# integers vs fp numbers

**Alan Jeffrey
**
ajeffrey@cs.depaul.edu

*Sat, 17 Oct 1998 22:00:54 -0500*

Vladimir asked: can fontinst be reengineered to use fp numbers rather than
integers where sensible?
Pretty much the answer's no. At least the reengineering would be pretty
drastic, and would have pretty major efficiency impact. There's (off the
top of my head) three representations TeX uses for ints which are used
inside fontinst:
a) registers (efficient, but there's only 256 of them)
b) mathchars: for people who've not seen this particular bit of
entertainment, TeX allows \mathchardef's for things like
\mathchardef\alpha=...some int representation of the family/slot pair...
DEK intended for this to be used for math characters (duh like you couldn't
guess) but (like \uppercase) DEK's intensions and the rest of the world's
use is rather different. Fontinst uses \mathchardef's as an efficient
representation of non-negative ints. \mathchardef's are almost as efficient
as registers, and there's as many of them as you like.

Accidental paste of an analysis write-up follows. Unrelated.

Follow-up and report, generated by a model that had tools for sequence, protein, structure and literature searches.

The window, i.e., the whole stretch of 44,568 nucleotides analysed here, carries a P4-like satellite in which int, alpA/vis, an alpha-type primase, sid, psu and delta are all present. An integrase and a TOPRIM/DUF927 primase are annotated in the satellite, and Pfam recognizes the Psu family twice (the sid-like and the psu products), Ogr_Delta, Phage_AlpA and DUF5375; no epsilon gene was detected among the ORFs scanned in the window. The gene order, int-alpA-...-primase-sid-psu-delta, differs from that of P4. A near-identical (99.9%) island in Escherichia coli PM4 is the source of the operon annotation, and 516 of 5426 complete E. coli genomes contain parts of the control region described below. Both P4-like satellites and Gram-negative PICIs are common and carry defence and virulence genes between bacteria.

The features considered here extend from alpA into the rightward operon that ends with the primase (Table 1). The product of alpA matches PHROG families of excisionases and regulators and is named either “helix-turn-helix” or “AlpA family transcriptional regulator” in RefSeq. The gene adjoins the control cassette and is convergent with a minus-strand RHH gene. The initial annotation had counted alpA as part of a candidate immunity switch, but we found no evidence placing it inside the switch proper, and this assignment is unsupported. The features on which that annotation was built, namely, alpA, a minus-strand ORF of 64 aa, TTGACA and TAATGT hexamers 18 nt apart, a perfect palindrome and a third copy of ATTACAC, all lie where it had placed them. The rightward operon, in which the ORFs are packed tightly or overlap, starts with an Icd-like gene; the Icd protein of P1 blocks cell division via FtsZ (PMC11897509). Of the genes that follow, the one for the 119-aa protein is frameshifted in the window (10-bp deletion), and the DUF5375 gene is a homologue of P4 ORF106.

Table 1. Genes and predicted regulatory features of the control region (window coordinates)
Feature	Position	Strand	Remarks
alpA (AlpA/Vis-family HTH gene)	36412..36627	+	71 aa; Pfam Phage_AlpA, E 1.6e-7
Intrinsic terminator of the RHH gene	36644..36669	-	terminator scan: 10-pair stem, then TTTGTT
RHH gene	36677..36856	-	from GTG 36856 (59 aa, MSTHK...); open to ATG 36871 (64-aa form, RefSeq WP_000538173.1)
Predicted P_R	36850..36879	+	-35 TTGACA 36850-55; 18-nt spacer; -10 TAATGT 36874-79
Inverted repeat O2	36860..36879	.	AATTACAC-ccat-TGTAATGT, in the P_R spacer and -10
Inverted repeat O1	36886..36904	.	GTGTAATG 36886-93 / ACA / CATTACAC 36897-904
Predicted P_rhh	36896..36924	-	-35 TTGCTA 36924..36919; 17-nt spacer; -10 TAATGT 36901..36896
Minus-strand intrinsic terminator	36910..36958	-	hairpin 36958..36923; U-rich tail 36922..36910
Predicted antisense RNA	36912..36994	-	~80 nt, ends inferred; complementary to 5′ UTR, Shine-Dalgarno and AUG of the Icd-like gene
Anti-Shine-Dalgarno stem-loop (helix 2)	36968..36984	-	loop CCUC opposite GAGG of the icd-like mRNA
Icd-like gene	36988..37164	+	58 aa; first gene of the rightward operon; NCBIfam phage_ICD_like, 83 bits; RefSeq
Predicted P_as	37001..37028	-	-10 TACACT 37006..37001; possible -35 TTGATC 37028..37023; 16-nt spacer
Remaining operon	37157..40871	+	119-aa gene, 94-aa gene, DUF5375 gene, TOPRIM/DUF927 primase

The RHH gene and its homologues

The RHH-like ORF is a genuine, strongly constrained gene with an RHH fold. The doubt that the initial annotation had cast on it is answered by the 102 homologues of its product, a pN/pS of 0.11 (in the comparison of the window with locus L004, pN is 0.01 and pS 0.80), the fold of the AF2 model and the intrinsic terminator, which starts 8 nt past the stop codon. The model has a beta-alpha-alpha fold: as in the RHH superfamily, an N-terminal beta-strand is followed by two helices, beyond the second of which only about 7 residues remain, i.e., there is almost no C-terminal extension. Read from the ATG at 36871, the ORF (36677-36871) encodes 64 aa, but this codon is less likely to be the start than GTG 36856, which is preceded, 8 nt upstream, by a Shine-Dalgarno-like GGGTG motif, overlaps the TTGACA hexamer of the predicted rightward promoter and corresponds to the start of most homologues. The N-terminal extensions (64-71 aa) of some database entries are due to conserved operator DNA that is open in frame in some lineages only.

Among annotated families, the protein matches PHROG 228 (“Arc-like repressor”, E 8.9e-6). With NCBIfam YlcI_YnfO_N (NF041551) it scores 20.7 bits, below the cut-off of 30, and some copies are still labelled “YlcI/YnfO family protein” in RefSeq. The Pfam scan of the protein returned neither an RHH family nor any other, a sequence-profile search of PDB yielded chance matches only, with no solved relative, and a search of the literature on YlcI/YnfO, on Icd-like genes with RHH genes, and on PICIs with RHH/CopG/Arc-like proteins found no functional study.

c) textual representation: in the cases where you can't assign a
\mathchardef (notably for negative numbers) fontinst just does a \def, eg
\def\foo{-123}.
So changing representation a) from ints to fp wouldn't be hard, but most of
fontinst variables aren't stored this way.
Most are b) and some are c). There's no equivalent of b) for fp numbers,
and I'm not sure I want to think about what would happen to the runtime if
we went to c) for fp numbers (eg \def\foo{123.456789} so tripling the amount
of memory used and the number of tokens which need to be manipulated for
each arithmetic op.
This is one of TeX's big limitations I'm afraid. TeX is much better at
storing / manipulating ints than fp numbers. So any redesign to use fp
would be pretty serious.
Alan.